By. Dr. Kristi Maas, MD, FACOG
I’ve been reading the recent articles about a mother orca whose baby died shortly after birth. She has been caring this baby for days, unwilling to let go and move on. As a society we are tracking her movements and united in understanding her grief and unwillingness to let go. Oddly, though, this doesn’t seem to translate to care for ourselves and others when a miscarriage happens. Well intentioned people say hurtful things without even thinking about how these words come across. Individuals and couples who have suffered a loss often won’t tell their friends or family for fear of judgement.
Unfortunately, miscarriage happens. It’s certainly not normal, but it’s also not rare. Up to 1/5 pregnancies result in miscarriage. The majority of these are early pregnancies and are due to chromosomal abnormalities. In fact, the more miscarriages an individual has, the more likely these are to be genetically normal as some other factor is contributing to the loss.
Adding confusion to an already painful and stressful situation, there are many different definitions of recurrent pregnancy loss. Some sources state it is 2 or more losses and some state it is 3 or more. Some sources include biochemical pregnancies while others only include losses only after an ultrasound has demonstrated a pregnancy within the uterus. This certainly doesn’t help allay concerns after a loss. The good news is, the majority of individuals or couples who experience loss will eventually go on to have a liveborn child. This is true even for individuals with recurrent pregnancy loss.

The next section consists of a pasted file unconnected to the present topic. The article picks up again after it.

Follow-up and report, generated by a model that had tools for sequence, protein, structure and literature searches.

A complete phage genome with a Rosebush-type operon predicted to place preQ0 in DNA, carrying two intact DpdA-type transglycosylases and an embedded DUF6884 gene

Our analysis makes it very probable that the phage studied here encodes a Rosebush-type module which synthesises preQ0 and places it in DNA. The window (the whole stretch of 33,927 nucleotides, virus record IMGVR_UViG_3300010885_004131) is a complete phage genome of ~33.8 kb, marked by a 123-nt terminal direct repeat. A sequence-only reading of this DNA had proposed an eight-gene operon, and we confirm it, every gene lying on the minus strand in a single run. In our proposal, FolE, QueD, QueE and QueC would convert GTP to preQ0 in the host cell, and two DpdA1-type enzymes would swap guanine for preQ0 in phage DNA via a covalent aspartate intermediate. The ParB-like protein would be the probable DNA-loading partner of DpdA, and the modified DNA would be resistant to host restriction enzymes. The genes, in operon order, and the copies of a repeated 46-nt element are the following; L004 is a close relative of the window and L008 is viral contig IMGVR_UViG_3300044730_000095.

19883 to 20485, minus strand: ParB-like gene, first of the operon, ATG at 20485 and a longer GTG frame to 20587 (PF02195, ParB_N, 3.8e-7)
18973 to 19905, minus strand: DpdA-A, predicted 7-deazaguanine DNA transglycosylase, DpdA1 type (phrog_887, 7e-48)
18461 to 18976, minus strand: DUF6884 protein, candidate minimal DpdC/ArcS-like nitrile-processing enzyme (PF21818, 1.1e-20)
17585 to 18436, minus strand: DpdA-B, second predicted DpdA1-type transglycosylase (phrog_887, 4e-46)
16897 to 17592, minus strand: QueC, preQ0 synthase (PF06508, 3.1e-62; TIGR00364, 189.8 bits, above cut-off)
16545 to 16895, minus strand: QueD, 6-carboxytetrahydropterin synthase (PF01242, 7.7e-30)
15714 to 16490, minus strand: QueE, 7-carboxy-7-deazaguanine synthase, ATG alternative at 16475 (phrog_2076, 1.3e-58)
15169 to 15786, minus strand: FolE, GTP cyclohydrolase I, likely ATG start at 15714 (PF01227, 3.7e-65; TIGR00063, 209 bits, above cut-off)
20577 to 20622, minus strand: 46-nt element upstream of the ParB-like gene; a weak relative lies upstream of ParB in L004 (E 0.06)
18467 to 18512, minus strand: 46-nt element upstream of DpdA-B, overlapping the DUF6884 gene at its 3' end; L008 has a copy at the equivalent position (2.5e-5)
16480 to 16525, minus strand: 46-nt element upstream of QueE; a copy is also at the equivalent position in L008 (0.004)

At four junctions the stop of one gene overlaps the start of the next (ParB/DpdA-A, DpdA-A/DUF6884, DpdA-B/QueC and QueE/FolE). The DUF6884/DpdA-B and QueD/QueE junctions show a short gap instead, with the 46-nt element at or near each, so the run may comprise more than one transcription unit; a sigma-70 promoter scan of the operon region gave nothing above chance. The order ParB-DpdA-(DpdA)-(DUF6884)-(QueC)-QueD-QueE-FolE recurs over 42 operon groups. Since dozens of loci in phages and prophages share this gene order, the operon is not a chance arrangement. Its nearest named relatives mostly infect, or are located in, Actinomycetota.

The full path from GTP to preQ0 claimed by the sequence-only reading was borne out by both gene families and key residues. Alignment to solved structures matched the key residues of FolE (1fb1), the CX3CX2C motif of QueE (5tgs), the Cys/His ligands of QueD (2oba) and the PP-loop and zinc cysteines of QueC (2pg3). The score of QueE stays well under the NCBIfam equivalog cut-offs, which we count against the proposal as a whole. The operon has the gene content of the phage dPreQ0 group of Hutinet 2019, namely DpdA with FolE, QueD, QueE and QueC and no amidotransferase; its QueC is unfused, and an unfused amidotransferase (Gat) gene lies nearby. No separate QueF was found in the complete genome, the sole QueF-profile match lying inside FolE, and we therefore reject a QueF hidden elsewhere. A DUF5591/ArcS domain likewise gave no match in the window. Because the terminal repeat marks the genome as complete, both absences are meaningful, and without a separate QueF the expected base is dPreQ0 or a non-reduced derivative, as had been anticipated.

When someone has experienced a loss it is important to allow yourself room and time to grieve. Be kind to yourself and reach out for help. Many individuals and couples benefit from counseling and/or support groups. Additionally, discuss these losses with your doctor so she can order the appropriate testing. This generally includes assessment of the anatomy via hysterosalpingogram, sonohysterogram, or hysteroscopy. Additionally hormonal/metabolic causes are evaluated by checking blood levels of TSH, hemoglobin A1C, and prolactin. Anti-cardiolipin antibodies are also checked as are karyotypes (or chromosomal analysis) for both the egg and sperm sources. Despite a long list of labs and tests to evaluate for the cause of recurrent pregnancy loss, 50-75% of individuals with recurrent pregnancy loss have no identifiable cause. Even with unexplained pregnancy loss, 50-60% of individuals and/or couples achieve a liveborn child.